Difficult deal behind it, CIBC faces even bigger challenges
Canadian Imperial Bank of Commerce, which was tested as it sought to buy PrivateBancorp, faces a new set of challenges.
A surge in U.S. bank stock prices and resistance from PrivateBancorp investors forced CIBC to twice increase its bid for the Chicago company, raising the stakes for the $5 billion acquisition, which closed Friday.
The Toronto company, which wants to more than double the U.S. market's contribution to its overall profit, must vie for market share in Chicago, a crowded market with intense competition. It will also mean more acquisitions, though deals could prove daunting if a wide gap remains between the $386 billion-asset company's stock and those of U.S. targets.
Chicago is "a very competitive market, so pricing for loans can be tough," said Jon Winick, CEO of Clark Street Capital. "But you could also say this presents a great opportunity, because [they] have scale, cheap funding, and the market is likely to become less competitive over time as banks continue to merge."
CIBC has room to grow, including an initial opportunity to offer deposits and loans to the roughly 80% of its top commercial clients that also do business with U.S. banks. The company also kept a number of PrivateBancorp officers, including former CEO Larry Richman.
“We have to earn the right to bank our clients in a fuller fashion,” said Victor Dodig, CIBC’s president and CEO. “It takes time to convince customers. We lead with relationship banking backed by a strong credit rating and … incredible bankers. Eventually our hope is our clients will deepen their relationships with us.”
With the $20 billion-asset PrivateBancorp in the fold, profit from U.S. operations will make up a tenth of CIBC’s profit, or roughly double the contribution that existed before the deal’s completion. Dodig wants to boost that share to 25%.
Organic growth will only get CIBC halfway to that goal, highlighting the need for “tuck-in” acquisitions over time in areas such as wealth management, Dodig said. (CIBC bought Atlantic Trust Private Wealth Management in 2014.)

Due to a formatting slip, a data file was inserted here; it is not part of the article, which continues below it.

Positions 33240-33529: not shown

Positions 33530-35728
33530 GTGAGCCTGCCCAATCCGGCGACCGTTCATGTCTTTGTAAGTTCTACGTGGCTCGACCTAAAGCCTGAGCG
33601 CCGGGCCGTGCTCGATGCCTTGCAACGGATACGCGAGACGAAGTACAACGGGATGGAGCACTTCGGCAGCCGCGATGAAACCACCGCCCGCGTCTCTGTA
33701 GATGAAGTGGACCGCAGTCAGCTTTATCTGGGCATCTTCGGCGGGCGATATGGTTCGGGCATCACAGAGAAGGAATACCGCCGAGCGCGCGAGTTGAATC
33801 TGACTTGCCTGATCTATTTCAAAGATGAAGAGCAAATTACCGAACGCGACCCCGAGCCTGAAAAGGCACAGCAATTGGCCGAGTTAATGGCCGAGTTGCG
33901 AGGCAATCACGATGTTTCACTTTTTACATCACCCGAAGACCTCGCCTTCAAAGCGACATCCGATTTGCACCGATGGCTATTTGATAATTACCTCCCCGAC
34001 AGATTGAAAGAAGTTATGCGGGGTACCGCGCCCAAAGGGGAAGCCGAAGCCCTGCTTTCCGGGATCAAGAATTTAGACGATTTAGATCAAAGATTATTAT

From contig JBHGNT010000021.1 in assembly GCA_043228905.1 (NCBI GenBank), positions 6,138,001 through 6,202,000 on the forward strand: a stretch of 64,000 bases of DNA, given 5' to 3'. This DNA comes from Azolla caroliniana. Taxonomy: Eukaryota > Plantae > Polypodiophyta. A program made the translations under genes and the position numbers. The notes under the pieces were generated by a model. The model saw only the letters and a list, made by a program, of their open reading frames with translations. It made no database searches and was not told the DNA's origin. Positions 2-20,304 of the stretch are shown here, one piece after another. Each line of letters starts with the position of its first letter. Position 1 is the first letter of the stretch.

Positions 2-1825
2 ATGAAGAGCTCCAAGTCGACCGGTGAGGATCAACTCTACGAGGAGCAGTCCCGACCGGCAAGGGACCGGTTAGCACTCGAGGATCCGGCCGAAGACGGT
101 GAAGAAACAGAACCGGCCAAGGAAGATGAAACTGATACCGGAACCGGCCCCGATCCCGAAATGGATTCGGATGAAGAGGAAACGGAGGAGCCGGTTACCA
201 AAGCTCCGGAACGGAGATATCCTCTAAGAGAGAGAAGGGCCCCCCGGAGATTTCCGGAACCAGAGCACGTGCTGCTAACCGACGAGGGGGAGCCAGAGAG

Geographic expansion would take place in a “strong, steady, consistent way,” Richman said.
Bank acquisitions would make sense, said Jeff Davis, managing director of financial institutions at Mercer Capital. Institutions that would provide meaningful scale would include the $29 billion-asset Associated Banc-Corp in Green Bay, Wis., and the $17.6 billion-asset Chemical Financial in Midland, Mich.
A representative for Chemical, which recently announced plans to name a new CEO, declined to comment. Associated, which appeared on Keefe, Bruyette & Woods’ recent list of potential sellers, did not return a call seeking comment.
Florida could also make sense if CIBC wants to target vacationing Canadians, Davis said.
In Chicago, PrivateBancorp has longstanding commercial relationships and a good track record of making loans, Winick said. That should help CIBC reach its organic growth targets.
“We can build on that wealth management business,” Richman said. “It will be driven by our capabilities, the leadership team that we have and, importantly, it will be driven by where we have clients that we can expand to.”
CIBC’s struggles to gain shareholder approval could carry over to other Canadian banks that want to make more U.S. acquisitions. In addition to the surge in U.S. bank stocks after the presidential election, Canadian banks have been dealing with concerns about the housing market north of the border.
Canadian banks, which are flush with cash, still have the ability to make more acquisitions. Those institutions are “looking to buy value,” though they realize they may not be able to buy U.S. banks on the cheap, said Stephen Clark, co-chair of the financial institutions group at the Toronto law firm Fasken Martineau.
PrivateBancorp’s sale “demonstrates that Canadian banks are in it for the long haul and are willing to pay up for the right strategic fit,” Clark said.
Dodig and Richman said they were committed to their deal because it continued to make strategic sense. Higher interest rates — 96% of PrivateBancorp’s loans have variable rates — and an improved economy in the U.S. justified a higher price, Dodig added.
“We knew this was the right thing to do,” Richman said, adding that his relationship with Dodig became stronger in the face of challenges.
That is a remarkable feat, Davis said.
“I’m sure CIBC didn’t like having to get out their checkbook, but it was a business decision,” Davis at Mercer Capital said. “I’m sure there were some tense moments, but they couldn’t expect Private to just roll over.”